situation is even worse.
Dedicated to the doctrine, such professors probably believe that the ideology of proletarian dictatorship, on which they were raised, is infallible and that interpretation of empirical data to fit the theory is their duty. In physics, which is my profession, it is usually the other way
around; a theory that does not fit all known experimental data must be replaced by a better theory. Unfortunately, my data base is very limited, as far as information about Stalinism is concerned. Writings of those who survived Kolyma are more important to me than what is written by
propagandists. On the basis of what I know, I hold Stalin responsible for killing my father, and other good people. Their suffering should never be forgotten.
6.8 Worl War II Great Contributions of the Red Army
The undeniable heroism of Soviet people was mentioned at the end of Sections 2.2 and 4.4. The more I think about Stalinism the more I am fascinated by it. On one hand it was a political system that killed millions of its own people; on the other hand it was an essential factor in the
defeat of another tyrannical system, Naziism. It is not at all obvious that Hitler would have been defeated without the heroic contributions of the Red Army. Stalingrad was just as important as D-day.
It is clear to me that nearly every Soviet soldier had at least one family member who was either deported or killed by Stalin. And yet, many of them fought and died while chanting his name. How can this be explained? This question is asked by a British historian, Orlando Figes. The major
factor, according to him, was relaxation of the party propaganda of class struggle. Surviving kulaks and their children became as important as poor workers (proletariat) and poor peasants. The same was true for surviving aristocrats and other servants of the tsarist government.
Red Army soldiers on the left; a propaganda poster on the right. The lowest line in the poster was probably changed after Stalin's death. The original line was most likely "for Stalin," not "for honor, for freedom."
The slogan of class stuggle was replaced by the slogan of love of motherland. And Stalin was made an icon of Soviet patriotism. I remember war movies, and books, in which soldiers were shown running and crying "za Rodinu za Stalina" (for Motherland, for Stalin). Figes writes: "The new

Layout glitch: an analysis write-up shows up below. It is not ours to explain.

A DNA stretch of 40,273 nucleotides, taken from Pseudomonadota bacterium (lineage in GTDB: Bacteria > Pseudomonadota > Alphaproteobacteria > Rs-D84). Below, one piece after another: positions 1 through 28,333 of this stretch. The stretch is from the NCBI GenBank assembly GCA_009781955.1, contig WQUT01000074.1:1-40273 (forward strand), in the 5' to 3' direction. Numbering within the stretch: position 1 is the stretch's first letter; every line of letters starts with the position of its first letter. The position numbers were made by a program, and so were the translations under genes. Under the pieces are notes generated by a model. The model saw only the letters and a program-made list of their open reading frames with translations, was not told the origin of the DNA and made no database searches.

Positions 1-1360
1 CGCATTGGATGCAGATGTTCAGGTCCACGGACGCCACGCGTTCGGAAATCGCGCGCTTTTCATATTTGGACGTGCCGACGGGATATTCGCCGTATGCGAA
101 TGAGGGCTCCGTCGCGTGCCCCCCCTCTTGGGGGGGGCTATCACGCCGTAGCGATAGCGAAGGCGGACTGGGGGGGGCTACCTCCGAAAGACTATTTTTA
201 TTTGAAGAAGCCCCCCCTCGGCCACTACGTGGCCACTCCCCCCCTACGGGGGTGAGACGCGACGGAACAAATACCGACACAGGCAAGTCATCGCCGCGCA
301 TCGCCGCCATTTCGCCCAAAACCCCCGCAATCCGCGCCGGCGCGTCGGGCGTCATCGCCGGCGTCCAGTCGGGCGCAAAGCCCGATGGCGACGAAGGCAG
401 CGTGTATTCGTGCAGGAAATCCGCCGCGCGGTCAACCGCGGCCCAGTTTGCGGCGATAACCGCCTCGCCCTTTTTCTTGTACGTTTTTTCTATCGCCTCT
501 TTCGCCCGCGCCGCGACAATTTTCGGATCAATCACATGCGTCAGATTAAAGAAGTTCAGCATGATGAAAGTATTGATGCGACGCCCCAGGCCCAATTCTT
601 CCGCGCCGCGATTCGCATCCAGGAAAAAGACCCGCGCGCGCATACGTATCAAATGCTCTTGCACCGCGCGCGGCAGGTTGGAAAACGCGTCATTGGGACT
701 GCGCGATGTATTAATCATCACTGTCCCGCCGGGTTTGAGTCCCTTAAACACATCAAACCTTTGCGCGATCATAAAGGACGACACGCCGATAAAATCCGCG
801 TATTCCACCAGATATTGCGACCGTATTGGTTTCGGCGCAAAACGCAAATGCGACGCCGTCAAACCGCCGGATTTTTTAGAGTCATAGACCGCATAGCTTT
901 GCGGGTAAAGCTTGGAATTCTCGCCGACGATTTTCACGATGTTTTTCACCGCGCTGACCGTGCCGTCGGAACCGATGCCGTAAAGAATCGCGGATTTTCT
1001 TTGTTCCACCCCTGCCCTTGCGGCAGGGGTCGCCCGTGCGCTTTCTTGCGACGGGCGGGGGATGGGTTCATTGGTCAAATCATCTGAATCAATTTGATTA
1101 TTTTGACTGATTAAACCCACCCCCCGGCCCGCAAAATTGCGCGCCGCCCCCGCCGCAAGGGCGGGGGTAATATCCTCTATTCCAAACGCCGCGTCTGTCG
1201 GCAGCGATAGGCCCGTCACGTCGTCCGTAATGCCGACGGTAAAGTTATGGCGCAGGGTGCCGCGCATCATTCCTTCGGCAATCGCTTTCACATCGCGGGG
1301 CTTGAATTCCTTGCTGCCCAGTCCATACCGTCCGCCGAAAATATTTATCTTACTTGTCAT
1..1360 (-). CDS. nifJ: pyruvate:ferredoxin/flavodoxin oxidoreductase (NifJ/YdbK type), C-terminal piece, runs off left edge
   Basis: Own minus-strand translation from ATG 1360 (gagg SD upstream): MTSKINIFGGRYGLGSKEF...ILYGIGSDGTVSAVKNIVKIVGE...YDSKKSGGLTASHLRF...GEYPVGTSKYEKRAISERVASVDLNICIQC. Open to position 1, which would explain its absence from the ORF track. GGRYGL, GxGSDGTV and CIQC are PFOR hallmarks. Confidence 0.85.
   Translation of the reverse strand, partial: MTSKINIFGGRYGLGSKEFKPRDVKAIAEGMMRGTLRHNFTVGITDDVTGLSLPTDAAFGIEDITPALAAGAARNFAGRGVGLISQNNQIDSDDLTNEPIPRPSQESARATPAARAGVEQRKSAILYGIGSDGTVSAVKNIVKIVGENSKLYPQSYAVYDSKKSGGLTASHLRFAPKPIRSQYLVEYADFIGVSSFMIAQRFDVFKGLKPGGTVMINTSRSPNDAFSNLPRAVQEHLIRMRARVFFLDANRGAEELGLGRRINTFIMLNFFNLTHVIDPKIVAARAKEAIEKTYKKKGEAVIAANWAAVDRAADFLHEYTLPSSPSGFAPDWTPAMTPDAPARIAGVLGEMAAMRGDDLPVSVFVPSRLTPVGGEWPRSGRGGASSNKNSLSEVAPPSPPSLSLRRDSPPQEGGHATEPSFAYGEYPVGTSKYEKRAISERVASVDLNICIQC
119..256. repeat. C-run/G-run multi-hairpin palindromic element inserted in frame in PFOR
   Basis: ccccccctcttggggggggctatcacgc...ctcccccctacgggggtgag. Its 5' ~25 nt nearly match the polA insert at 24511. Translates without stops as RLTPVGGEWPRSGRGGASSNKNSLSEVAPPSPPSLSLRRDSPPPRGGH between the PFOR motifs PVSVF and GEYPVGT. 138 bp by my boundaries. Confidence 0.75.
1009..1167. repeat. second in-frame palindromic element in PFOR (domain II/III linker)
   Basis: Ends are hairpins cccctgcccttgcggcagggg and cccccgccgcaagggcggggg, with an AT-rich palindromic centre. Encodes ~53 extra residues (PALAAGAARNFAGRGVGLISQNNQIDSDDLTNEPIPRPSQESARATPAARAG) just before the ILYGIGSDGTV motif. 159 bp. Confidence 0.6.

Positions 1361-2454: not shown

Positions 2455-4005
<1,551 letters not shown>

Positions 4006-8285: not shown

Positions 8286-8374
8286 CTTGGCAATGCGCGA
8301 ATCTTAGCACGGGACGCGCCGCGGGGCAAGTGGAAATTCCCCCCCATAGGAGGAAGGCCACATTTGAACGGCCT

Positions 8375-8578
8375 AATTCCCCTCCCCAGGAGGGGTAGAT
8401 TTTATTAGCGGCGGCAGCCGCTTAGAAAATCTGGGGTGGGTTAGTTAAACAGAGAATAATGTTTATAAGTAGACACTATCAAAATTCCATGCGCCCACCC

mood was summarized by Pravda when it argued, in June 1944, in sharp contrast to the Party's pre-war principles, that 'personal qualities of every Party member should be judged by his practical contributions to the war effort,' rather than by his class origin or ideological correctness."
Poems and songs heard during the war reinforced a natural desire for revenge. All Germans had to be punished for Nazi atrocities.
In other words, political and religious control was relaxed. Hundreds of churches were reopened during the war. Appeal to patriotism was reinforced by replacing the old national anthem (the famous International) by a new one emphasizing "indestructible brotherhood of Soviet people united
by great Russia." It was also reinforced by replacing the Red Army insignia with old tsarist epaulettes, by popularizing old Russian heros, such as Suvorov and Kutuzov, etc.
But that was not all; Special Order #227 (issued on July 28, 1942) is also mentioned by Figes. That order, "Not a single step backward," was to punish "panickers" and "cowards." Special units were used to shoot soldiers who lagged behind or tried to run away from fighting. How important
were these measures? According to the author, they turned out to be ineffective. Defections were reduced when battlefield camraderie naturally developed during the offensive. Some Soviet people would probably have been less patriotic if they had been aware of deportations of deportations
of entire nations to Kazakhstan, during the war, as described by Professor 3 at the beginning of Chapter 7 below.